Table 1. Class 2 CRISPR systems which employed for therapeutic genome editing.

Class

Type

Nuclease

gRNA Structure

Target

Cleavage

crRNA

tracrRNA

gRNA Length

Molecule

PAM

Availability in Human Genome

2

2

Cas9

20nt

(complementary to target)

85nt

105nt

dsDNA

5′-NGG

(SpCas9)

Every ~8 bp

Blunt-ended DSB

5

Cas12

40nt

(20-24nt complementary to target)

None

40nt

dsDNA

5′-TTTN

Every ~23 bp

Sticky-ended DSB

6

Cas13

64nt

(23-30nt complementary to target)

None

64nt

ssRNA

None

Any location

Arbitrary cleavage around target site

Abbreviations: gRNA (guide-RNA), crRNA (CRISPR RNA), tracrRNA (trans-activating RNA), PAM (protospacer adjacent motif), Cas9 (CRISPR-associated protein 9), nt (nucleotide), bp (base pair), dsDNA (double-stranded DNA), SpCas9 (Streptococcus pyogenes Cas9), DSB (double-stranded break), Cas12 (CRISPR-associated protein 12), Cas13 (CRISPR-associated protein 13), ssRNA (single-stranded RNA).

To avoid inherent problems associated with the formation of DNA DSBs in cells, researchers have fused catalytically deficient Cas9 (dCas9) to single-base editors that can convert single nucleotides without the need to create a DSB which is very attractive for the development of gene therapy [30][31]. Fusion of dCas9 with other proteins can also serve as regulators of gene expression [32][33][34][35], epigenetic histone re-modulators [36], or fluorescent reporters for genome labelling [37] (Figure 2B).

2. Potential and Application of CRISPR Therapeutics

CRISPR-Cas systems discussed above have the ability to be used for the development of corrective gene therapeutics for a huge number of genetic mutations contributing to disease [38][39][40]. In only a few years after its discovery, CRISPR had already transformed the field of biomedical research, with the first Food and Drug Administration-approved ex vivo clinical trial started in 2018 [41] and the first in vivo clinical trial in 2019 [42] along with numerous clinical trials under way as of today. CRISPR therapies being tested in clinical trials launched by Vertex and CRISPR Therapeutics in 2018 (CTX001) [41] and Allife Medical Science and Technology Co., Ltd. in 2019 (HBB HSC-01) [43], aim to treat patients with β-thalassemia and sickle-cell disease by the autologous transfusion of CRISPR/Cas9-edited CD34+ hematopoietic stem cells. Patients receiving CTX001 showed progress after a few months [44], which is indicative of the success of CRISPR application in gene therapy. EDIT-101, is being tested by Allergan and Editas Medicine since 2019 [45], to correct a CEP290 splicing defect in patients of Leber Congenital Amaurosis, after showing significant therapeutic potential in a preclinical study [46]. These particular CRISPR therapies, and similar ones tackling hemoglobinopathies or eye diseases, entertain a key advantage over several others, listed below, which are “stuck” in their preclinical stages. This main advantage is the route of administration employed. Essentially, CTX001 and HBB HSC-01 involve ex vivo genome editing of cells which are transferred back to patients [41][43]. On the other hand, EDIT-101 is applied to patients intraocularly; a mode of delivery generally used for its local effects [45]. This circumvents the need for establishing a safe and efficient method of delivery that can reach the organ of interest within the human body, a major hurdle facing the translation of most CRISPR therapeutics to the clinic today.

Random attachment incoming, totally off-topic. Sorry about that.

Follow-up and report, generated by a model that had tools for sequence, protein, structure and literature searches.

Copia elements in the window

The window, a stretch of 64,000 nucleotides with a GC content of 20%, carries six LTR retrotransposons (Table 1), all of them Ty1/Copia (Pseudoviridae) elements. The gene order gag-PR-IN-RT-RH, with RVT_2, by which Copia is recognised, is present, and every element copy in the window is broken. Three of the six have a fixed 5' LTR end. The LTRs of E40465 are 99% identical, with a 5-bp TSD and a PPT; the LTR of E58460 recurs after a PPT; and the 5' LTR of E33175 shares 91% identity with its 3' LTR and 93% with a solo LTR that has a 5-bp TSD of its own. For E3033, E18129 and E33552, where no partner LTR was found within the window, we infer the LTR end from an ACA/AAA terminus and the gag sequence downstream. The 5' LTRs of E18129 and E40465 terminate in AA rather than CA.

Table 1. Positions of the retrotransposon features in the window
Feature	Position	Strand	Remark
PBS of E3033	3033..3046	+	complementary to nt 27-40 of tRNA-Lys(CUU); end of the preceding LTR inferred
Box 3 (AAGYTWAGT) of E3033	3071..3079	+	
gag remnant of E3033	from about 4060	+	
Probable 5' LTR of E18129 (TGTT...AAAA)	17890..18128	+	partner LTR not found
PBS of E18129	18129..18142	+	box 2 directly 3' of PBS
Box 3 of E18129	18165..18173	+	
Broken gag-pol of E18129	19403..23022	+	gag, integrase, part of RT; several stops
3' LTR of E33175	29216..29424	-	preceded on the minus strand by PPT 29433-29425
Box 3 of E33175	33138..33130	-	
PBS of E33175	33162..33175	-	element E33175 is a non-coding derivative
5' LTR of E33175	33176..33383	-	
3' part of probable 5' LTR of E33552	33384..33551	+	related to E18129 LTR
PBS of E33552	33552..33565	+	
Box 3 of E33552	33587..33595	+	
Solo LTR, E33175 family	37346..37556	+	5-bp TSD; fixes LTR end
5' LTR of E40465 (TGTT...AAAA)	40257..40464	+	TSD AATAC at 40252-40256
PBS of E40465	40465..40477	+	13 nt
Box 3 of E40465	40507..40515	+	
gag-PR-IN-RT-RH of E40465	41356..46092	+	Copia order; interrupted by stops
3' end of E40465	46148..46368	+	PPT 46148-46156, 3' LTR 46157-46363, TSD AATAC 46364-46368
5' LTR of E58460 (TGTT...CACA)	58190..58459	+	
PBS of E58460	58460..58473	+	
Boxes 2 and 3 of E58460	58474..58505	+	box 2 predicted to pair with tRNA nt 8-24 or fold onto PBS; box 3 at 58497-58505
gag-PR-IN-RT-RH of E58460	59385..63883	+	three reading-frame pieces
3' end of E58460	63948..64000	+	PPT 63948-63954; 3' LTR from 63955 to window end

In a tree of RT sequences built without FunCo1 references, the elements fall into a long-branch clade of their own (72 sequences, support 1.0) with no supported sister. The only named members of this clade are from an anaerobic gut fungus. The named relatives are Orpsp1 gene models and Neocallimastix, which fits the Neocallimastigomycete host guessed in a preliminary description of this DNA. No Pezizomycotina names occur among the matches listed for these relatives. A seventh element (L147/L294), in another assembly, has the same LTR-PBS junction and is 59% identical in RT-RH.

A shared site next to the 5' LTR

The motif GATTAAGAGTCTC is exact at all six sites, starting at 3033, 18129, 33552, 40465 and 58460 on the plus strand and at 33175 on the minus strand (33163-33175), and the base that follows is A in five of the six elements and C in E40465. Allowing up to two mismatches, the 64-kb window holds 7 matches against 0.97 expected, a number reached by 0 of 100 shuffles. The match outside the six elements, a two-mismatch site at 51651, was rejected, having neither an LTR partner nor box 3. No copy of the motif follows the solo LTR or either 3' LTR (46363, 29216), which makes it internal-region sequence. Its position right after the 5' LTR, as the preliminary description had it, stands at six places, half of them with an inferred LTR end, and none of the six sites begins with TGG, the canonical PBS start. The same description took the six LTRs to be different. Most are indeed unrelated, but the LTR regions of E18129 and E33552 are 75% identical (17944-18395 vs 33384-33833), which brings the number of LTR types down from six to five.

To list a few examples of preclinical advances in CRISPR therapy, multiple groups have been successful in treating hereditary tyrosinemia I, using Cas9, in disease models by correcting disease-causing FAH mutations[47][48] or knocking-out HPD [49]. Similarly, researchers applied Cas9 to effectively correct a disease causing mutation in CFTR to treat monogenic cystic fibrosis in patient-derived induced pluripotent stem cells [50][51]. Cas13 was developed as an antiviral to target the genomes of RNA viruses such as Influenza and SARS-CoV-2 in human lung epithelial cells to combat airway diseases [52]. An ambitious approach towards modern airway disease pandemics with no current preventative vaccines or proven treatment, where the authors explain the necessity of finding an effective in vivo delivery method to the lungs [52]. Several promising strategies towards neurodegenerative diseases, currently with no cure, have also been reported. For example, using Cas9 to knock-out the expression of mutant amyloid precursor protein (APP) was demonstrated to have neuroprotective effects in a mouse model of Alzheimer’s disease [53]. One more notable approach utilizes Cas13 to convert the abundant astrocytes in the brain into dopaminergic neurons that are lost in Parkinson’s Disease in order to restore motor behavior in mice [54]. This latter example highlights the breadth of CRISPR’s therapeutic application especially because it tackles the disease using a cell-conversion strategy rather than editing a disease-causing mutation. Indeed, biomedical research has already developed various strategies for CRISPR therapy that can halt or reverse disease progression. However, the translation of such therapies is contingent upon the development of appropriate modes of delivery.

3. Conclusion

Although the field of CRISPR therapy has flourished during the last decade, there remains a need for developing appropriate targeted delivery systems to advance its use to the clinic. Developing non-viral delivery systems for CRISPR have been a subject of immense research to avoid the safety concerns associated with viral vectors. Thus far, most targeted delivery systems employed for CRISPR-Cas are dependent on ligand-decorated liposomes or nanoparticles, which require complex design or may be toxic to achieve cell-specific receptor recognition. Peptide-based non-viral delivery systems contain properties that offer advantages such as chemical diversity, low toxicity, resistance to proteolysis and ability for specific targeting. The non-covalent complexing of CRISPR-Cas components with peptides through charge–charge interactions represents a one-step, simple, safe, translatable, and customizable method for specific tissue targeting. Targeting CRISPR-Cas systems to the cells of interest carries a great deal of hope for biomedical research and for achieving the safety levels required for clinical translation. More research is needed to test the efficacy of peptide-based systems for the targeted in vivo delivery of CRISPR-Cas to different tissues.

The article is from 10.3390/ijms21197353